Her London Fashion Week installations are legendary. The Weave Project was a massive woven art installation visitors could climb through, while her Chubby Hearts Over London saw Chubby Heart balloons suspended over (and sometimes squashed within) London landmarks in a declaration of love to the city. That was swiftly followed by the Chubby Cloud – an installation at Whitehall’s Banqueting House, which saw visitors sink into the world’s biggest beanbag, designed to mirror the cloud theme in her AW 2018 collection, as they looked at up at the magnificent 17th century Rubens ceiling. Now, her witty innovations have a permanent home where consumers can engage with the brand in a meaningful way.

“I really believe in the value of bricks-and-mortar retail, but if it is to exist in a digital first world, we need to offer real reasons to visit.” Hindmarch says. “The Village is somewhere you can visit, meet, learn, enjoy, as well as shop – it is intended as a creative, fun place where we can really engage with our community. And to hang out with people, something I certainly want to do again.

I cannot speak on behalf of the entire industry, but experience is certainly central to our strategy going forward.

“It’s about all our creativity and giving everything a home to put all of our creative ideas into that will change a lot. It’s very inclusive, so you can come and buy a cake that’s almost as beautiful as a handbag, in a beautiful box in a beautiful carrier bag, and that might be £7 [US$10] or whatever it is, and so anyone can come in and experience the brand. It’s a blank canvas for me, and it takes retail back to something that I think has a real purpose and amplifies what we’re doing online. So it very much goes hand-in-hand with a very digital business.”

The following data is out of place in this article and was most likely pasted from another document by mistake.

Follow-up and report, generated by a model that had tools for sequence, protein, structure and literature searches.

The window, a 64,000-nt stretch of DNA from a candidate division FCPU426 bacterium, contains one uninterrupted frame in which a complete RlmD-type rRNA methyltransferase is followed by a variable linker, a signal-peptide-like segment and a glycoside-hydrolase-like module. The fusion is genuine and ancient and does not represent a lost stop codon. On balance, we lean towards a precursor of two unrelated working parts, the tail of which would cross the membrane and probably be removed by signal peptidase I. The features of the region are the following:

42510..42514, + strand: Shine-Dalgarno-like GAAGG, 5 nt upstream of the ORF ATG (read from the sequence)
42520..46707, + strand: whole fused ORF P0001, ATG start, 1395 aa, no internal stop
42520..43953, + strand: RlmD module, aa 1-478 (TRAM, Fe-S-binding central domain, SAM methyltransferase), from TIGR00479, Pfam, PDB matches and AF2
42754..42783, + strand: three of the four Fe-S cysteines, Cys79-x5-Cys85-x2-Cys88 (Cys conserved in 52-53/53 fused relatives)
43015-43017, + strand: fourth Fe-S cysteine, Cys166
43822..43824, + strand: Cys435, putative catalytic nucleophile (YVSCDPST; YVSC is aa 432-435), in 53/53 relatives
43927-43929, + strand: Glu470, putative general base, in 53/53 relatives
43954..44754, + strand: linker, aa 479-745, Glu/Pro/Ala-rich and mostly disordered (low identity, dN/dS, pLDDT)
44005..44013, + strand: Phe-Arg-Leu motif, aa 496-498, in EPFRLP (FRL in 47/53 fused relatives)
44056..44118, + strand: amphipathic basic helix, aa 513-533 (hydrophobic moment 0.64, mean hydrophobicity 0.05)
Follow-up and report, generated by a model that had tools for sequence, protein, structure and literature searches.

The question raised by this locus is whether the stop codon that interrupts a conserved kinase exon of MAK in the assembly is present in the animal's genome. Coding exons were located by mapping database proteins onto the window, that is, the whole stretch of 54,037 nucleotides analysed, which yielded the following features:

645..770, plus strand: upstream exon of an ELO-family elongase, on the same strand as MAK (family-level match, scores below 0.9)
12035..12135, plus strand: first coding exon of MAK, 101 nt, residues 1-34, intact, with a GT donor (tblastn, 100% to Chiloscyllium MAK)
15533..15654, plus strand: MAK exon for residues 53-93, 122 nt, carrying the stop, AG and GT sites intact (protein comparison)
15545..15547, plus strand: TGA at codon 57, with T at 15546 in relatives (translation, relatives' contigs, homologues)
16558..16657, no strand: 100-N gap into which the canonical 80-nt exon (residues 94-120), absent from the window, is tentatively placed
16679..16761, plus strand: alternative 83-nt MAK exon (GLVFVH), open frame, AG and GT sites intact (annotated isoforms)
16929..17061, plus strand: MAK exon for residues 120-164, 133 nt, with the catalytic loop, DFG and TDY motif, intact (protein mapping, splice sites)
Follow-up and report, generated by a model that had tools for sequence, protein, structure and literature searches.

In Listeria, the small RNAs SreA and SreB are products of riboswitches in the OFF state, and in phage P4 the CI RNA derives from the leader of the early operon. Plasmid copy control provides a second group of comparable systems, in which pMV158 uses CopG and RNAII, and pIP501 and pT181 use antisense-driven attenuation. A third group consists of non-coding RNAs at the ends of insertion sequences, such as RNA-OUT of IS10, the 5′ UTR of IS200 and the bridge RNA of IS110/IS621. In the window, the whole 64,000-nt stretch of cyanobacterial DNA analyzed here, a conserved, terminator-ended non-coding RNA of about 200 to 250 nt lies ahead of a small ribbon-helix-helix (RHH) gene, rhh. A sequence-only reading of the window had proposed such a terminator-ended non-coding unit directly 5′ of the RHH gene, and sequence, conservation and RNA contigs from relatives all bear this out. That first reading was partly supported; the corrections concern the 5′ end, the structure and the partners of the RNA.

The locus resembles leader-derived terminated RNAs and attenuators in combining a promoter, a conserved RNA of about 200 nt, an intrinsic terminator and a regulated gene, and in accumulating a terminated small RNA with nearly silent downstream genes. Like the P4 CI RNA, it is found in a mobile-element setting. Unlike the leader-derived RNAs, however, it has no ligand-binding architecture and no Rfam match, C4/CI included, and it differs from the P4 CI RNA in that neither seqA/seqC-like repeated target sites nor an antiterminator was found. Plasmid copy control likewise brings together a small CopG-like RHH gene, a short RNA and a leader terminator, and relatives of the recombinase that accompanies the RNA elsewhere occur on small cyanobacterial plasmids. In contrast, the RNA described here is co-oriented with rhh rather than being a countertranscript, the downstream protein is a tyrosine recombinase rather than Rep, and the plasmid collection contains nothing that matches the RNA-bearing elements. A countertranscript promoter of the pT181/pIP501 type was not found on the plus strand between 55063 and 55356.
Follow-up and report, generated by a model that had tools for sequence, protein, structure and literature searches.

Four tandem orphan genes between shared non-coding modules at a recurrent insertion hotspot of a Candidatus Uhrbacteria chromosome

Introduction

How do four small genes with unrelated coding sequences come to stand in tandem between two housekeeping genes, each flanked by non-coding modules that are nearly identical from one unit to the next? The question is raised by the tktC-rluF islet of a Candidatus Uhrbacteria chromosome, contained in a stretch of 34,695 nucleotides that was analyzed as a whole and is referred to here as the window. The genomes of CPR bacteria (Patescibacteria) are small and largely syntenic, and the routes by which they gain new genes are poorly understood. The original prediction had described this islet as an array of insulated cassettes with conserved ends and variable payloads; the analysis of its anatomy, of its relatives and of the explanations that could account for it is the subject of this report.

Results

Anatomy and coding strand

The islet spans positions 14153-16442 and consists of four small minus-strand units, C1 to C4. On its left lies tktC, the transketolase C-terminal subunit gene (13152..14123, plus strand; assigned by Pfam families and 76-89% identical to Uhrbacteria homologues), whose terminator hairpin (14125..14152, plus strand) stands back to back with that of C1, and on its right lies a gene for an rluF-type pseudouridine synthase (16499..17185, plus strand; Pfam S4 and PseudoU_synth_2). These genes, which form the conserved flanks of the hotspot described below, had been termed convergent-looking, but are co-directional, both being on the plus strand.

Hindmarch knows the retail world is becoming increasingly virtual, but she’s hedging her bets on people continuing to crave physical experiences.

“I cannot speak on behalf of the entire industry, but experience is certainly central to our strategy going forward,” she continues. “Being able to open The Village at such a difficult time for retail has been a hugely rewarding and positive experience.” 

As for what’s next, the designer has been busy plotting more ways to promote positive fashion through The Village. “We have lots of exciting projects in the pipeline. I will continue to use our platform to communicate around issues of circularity and the reduction of single-use plastic consumption about which I am passionate. Our Return to Nature collection pushes forward with the ideas of circularity and zero waste and is the result of years of research into creating a collection that would leave as little impact as possible at the end of its life cycle. I am proud of what we are doing to raise visibility of these issues and will keep doing all that I can.” 


If In Doubt, Wash Your Hair by Anya Hindmarch,
published by Bloomsbury, is out now.